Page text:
When I first got my teaching credential, I was in suburban Connecticut. The majority of students in the classroom where I did my observations and student teaching were native English speakers, with a handful who spoke another language as well. When I moved to California, the most noticeable difference was the number of non-native English speakers in the classroom. This inspired me to get my Master’s of Education in TESOL, Literacy, and Culture from the University of San Diego. Through this program, I was given the opportunity to conduct an action research project investigating best practices for supporting Kindergarten English Language Learners in the mainstream classroom. These findings can be generalized to help parents and tutors uncover methods for supporting their English language learner children outside of the classroom as well in phonics and phonemic awareness.

Some Background on English Language Learners

Between 1980 and 2009, the number of children in the United States aged 5-17 who spoke a language other than English at home skyrocketed from 4.7 to 11.2 million, the equivalent of a jump from 10 to 21 percent of the population, according to the U.S. Department of Education. The California Department of Education website states that English learners make up 23.2 percent of the total enrollment in California public schools in 2010-11. Nearly 37.4 percent of the state’s public school enrollment speaks a language other than English at home, and the majority of these ELLs are enrolled in Kindergarten through sixth grade (California Department of Education [CDE], 2012).

Tools You Can Use

  1. AlphaFriends is an adorable program by Houghton Mifflin that introduces each letter with a corresponding song to highlight the letter-sound correspondence. If your child is having trouble matching letters to sounds, take some time during the week to introduce an AlphaFriend and practice singing the song. One teacher’s compilation is available here.
  2. Alphabet Bingo is a fun way to practice letter-sound correspondance. You can call out a letter, name the AlphaFriend, or choose another word starting with the same letter, and your child has to find and mark the picture on their Bingo card. Over time, you can increase the difficulty by having your child look for middle or end sounds, for instance, “Find the middle sound in the word ‘cat.’” Your child should break apart the word into /c//a//t/ and search for the letter “A.” Here’s a link to some printable Bingo cards.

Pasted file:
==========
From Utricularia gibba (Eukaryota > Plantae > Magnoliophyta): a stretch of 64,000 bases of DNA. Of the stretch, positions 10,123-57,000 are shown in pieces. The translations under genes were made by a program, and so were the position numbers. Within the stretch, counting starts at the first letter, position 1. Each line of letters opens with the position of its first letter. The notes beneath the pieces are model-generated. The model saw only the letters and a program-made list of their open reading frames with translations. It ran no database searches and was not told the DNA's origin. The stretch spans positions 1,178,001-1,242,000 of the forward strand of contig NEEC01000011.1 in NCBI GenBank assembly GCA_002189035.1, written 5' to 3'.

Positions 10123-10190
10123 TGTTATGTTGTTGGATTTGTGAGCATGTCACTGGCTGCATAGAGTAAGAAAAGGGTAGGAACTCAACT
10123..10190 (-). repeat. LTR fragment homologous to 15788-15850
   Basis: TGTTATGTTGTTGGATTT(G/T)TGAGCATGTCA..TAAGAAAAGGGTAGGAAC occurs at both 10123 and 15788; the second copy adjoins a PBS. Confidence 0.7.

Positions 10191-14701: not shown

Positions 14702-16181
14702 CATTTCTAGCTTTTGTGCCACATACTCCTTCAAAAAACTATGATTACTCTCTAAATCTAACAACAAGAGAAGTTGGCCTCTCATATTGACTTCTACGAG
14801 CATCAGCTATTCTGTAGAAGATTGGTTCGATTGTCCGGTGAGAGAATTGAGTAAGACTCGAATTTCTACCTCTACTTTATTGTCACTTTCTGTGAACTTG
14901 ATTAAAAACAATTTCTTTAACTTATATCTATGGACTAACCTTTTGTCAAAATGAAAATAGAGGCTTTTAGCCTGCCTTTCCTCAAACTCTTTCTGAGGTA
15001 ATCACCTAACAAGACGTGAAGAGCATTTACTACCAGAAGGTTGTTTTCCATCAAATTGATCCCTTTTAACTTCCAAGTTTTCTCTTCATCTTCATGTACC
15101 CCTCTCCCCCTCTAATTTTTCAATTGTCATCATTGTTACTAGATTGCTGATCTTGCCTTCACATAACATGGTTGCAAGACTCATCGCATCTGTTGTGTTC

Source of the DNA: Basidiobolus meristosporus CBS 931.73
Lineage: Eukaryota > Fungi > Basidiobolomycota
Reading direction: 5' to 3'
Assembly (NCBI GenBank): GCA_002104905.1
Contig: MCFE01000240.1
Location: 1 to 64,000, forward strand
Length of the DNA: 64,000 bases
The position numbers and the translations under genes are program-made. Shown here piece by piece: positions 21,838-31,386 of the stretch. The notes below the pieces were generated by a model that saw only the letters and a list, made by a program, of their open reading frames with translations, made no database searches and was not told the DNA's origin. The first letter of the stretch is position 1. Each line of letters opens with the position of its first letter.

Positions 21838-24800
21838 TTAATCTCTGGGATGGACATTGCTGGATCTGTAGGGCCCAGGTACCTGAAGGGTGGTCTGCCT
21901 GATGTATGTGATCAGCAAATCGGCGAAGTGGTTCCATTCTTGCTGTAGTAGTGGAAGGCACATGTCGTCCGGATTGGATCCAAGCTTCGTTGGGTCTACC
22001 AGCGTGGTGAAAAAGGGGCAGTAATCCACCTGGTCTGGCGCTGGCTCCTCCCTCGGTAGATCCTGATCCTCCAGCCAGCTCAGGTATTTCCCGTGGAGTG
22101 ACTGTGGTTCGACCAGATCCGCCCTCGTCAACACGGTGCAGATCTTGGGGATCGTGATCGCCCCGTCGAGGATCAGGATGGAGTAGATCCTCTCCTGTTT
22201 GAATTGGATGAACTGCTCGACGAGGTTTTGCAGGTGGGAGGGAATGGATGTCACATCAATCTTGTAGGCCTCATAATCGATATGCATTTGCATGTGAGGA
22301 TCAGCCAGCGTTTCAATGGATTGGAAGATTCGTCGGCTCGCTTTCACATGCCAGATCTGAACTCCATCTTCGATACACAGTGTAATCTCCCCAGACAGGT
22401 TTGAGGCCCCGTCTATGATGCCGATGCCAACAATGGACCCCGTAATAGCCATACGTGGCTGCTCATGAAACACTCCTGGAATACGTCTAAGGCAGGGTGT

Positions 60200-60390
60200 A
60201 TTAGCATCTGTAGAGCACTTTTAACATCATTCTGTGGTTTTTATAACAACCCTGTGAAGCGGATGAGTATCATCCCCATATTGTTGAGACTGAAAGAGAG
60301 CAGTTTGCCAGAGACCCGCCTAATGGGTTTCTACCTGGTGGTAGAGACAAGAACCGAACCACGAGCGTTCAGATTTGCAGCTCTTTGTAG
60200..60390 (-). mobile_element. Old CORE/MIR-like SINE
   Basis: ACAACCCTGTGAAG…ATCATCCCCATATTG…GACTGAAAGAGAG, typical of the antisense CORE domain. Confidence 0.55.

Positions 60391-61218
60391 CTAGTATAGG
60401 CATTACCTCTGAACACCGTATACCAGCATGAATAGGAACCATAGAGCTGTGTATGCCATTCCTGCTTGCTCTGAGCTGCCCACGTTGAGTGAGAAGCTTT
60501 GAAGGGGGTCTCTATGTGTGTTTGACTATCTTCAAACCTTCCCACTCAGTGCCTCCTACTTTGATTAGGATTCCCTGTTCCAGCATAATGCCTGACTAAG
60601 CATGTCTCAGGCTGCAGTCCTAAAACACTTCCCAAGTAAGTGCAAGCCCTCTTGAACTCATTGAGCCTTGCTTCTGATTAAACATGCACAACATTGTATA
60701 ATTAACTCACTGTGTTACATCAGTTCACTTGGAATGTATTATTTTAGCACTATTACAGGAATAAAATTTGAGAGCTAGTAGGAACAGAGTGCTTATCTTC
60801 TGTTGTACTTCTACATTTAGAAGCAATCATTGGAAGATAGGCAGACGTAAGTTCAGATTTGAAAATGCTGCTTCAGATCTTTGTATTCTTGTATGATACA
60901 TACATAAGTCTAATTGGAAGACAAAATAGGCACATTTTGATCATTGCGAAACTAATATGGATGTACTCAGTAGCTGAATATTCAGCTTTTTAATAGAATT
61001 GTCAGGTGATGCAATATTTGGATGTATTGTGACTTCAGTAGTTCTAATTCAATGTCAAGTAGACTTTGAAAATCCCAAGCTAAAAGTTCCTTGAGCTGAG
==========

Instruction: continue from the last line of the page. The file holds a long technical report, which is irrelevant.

3. Let them write! Ask your child to write down their favorite food. Instead of being focused on the proper spelling, work with them to figure out what sounds they want to make and what letter best represents it. For example, I’ve asked students to write out “Ice Cream,” and the process looks something like this:

Teacher: What sounds do you hear first?
Student: I
Teacher: Okay, so what letter is that?
(Student writes “I”)
Teacher: What sound do you hear next?
Student: Ssss
Teacher: Great, lets write the /s/ sound.
(Student write “s”)
Teacher: Next up is /k/.
Student: That sounds like K…

When all is said and done, you might have Iskrem. This is a perfect opportunity to talk about how the letter “c” can make the sounds /s/ and /k/! Create a comfortable environment where your child feels comfortable to take risks and knows that even if they make a mistake, it’s better to try than not. Get your child talking and you will see amazing things!

Identifying letters and sounds are crucial skills for kindergarten and first grade students. Without these building blocks, it is very difficult to move forward into more advance reading and spelling skills. By setting aside 10-20 minutes a day to provide extra support, parents and tutors can help low-level English Language Learners (ELLs) catch up with their peers. It is so important to get involved early and help your child stay on track.

I hope some of my ideas can come in handy, and would highly recommend that you experiment on your own to see what other methods might work for your child.

BrittanyGBrittany G. tutors in a variety of subjects in North Hollywood, CA, as well as through online lessons. She graduated from the University of Hartford in 2011 with a Bachelor of Science in Elementary Education, and has also received a Connecticut Teaching Certification for Elementary K-6 and a Certificate of Clearance to teach in California. Learn more about Brittany here!